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Telaen CVE-2013-2621 Open Redirection Vulnerability
[SECURITY] [DSA 2771-1] nas security update
Cisco Security Advisory: Multiple Vulnerabilities in Cisco Firewall Services Module Software
Cisco Security Advisory: Multiple Vulnerabilities in Cisco ASA Software
It pays to be CIO -- millions, in some cases. Take Filippo Passerini. He joined Procter & Gamble in 1981 as a systems analyst in Italy and rose through the techie ranks. Today Passerini is CIO and leads the company's global business services organization -- a dual role that netted him $5 million last year.
Ford has announced a new fully automated parking and accident avoidance system that removes control of the car from the driver.
For Apple developers that want an easy way to add cloud storage or device-to-device push notifications to their apps, Google has announced Mobile Backend Starter for iOS.
[SECURITY] [DSA 2770-1] torque security update
[ISecAuditors Security Advisories] Multiple Reflected XSS vulnerabilities in BoltWire <= v3.5
[ISecAuditors Security Advisories] Multiple Vulnerabilities in Uebimiau <= 2.7.11
MediaTek is promising smartphone buyers they will get more bang for their buck now that it plans to introduce its LTE chipsets and use ARM's upcoming 64-bit processor designs.

The National Security Agency has a wide-ranging menu of software exploits at its disposal to tailor the right attack to the targets it wants to monitor, according to a blog post published Wednesday by security expert Bruce Schneier. While the program allows analysts to operate in almost absolute secrecy, the NSA's pursuit of an expansive surveillance program has largely defeated those efforts, his essay concludes.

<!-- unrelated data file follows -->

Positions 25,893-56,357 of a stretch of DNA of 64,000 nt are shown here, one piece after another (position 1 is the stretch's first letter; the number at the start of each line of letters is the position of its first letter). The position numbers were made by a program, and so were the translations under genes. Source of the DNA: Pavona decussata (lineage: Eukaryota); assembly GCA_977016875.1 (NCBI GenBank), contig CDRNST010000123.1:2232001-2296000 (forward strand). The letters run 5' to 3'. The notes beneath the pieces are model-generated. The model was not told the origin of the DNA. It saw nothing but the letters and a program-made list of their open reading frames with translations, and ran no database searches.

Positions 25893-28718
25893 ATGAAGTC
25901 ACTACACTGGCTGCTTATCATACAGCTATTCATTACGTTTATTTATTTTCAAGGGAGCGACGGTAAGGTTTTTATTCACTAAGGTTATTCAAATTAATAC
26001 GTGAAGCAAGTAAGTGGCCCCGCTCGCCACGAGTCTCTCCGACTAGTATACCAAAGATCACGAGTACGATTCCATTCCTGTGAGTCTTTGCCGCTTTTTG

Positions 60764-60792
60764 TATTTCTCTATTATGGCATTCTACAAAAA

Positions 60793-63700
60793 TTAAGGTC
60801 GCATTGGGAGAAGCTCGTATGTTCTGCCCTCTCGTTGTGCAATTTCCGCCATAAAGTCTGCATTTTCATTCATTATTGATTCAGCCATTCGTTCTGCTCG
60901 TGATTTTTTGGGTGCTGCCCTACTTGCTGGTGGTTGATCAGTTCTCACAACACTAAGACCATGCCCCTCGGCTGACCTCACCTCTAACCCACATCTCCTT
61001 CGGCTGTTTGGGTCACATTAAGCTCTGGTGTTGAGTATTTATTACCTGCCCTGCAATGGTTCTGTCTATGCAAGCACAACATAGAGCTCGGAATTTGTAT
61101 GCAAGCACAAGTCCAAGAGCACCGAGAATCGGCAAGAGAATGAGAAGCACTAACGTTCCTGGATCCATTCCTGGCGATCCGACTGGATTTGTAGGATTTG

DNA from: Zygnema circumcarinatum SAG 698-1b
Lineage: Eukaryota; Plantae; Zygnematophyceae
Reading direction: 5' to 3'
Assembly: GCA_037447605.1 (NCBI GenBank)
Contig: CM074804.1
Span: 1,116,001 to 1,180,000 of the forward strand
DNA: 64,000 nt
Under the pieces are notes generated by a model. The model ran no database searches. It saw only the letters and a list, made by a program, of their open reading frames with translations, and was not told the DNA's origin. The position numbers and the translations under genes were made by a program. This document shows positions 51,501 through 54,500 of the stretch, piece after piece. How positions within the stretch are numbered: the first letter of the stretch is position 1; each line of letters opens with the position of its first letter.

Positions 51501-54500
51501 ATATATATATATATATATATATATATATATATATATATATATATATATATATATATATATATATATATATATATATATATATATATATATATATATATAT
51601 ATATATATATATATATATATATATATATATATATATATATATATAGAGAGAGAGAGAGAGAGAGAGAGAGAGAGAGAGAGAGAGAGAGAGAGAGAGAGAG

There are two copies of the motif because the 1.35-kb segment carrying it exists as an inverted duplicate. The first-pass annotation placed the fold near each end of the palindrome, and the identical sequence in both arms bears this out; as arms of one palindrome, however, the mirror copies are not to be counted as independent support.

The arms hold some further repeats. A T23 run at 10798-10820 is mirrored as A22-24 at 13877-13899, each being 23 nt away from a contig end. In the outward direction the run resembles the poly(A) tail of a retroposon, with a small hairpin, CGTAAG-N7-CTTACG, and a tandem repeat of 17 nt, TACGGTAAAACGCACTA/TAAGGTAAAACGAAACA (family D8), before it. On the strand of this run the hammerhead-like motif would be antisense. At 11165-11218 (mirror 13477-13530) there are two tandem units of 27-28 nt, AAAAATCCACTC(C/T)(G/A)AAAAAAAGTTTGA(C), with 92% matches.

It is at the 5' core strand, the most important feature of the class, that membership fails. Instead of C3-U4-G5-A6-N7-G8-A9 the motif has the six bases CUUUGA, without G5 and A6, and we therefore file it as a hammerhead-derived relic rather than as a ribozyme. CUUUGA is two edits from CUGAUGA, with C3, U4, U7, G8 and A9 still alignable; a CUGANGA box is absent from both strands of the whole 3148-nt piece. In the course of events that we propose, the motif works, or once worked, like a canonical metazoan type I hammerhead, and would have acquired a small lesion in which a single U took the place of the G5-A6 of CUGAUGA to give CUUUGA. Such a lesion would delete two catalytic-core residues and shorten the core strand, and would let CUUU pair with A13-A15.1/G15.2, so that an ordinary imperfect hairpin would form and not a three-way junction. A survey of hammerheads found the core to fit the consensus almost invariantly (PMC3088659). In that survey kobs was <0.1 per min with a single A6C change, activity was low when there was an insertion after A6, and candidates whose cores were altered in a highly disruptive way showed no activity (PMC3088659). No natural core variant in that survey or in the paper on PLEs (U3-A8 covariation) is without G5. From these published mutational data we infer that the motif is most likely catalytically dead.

As last week's publication of secret NSA documents showed, the agency operates servers codenamed FoxAcid that exploit software vulnerabilities on targets' computers. By the time those attacks are unleashed, analysts already know a huge amount about the person on the receiving end. Based on that information, the spies will use a complicated trade-off system to automatically choose an attack from a multitiered menu of options.

"If the target is a high-value one, FoxAcid might run a rare zero-day exploit that it developed or purchased," Schneier wrote. "If the target is technically sophisticated, FoxAcid might decide that there's too much chance for discovery, and keeping the zero-day exploit a secret is more important. If the target is a low-value one, FoxAcid might run an exploit that's less valuable. If the target is low-value and technically sophisticated, FoxAcid might even run an already-known vulnerability."

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Infosec Blog Publishes Top 100 Cyber Security Blogs, Offers Insight For ...
PR-BG.com (прессъобщения) (press release)
San Diego, CA — DDoS Protection & Security, a cyber security blog and news site has recently published a list of the Top 100+ Cyber Security Blogs to highlight the best security blogs, ranked by PageRank, Domain Authority, and Alexa traffic stats.

The popular mobile messaging application WhatsApp Messenger has a major design flaw in its cryptographic implementation that could allow attackers to decrypt intercepted messages, according to a Dutch developer.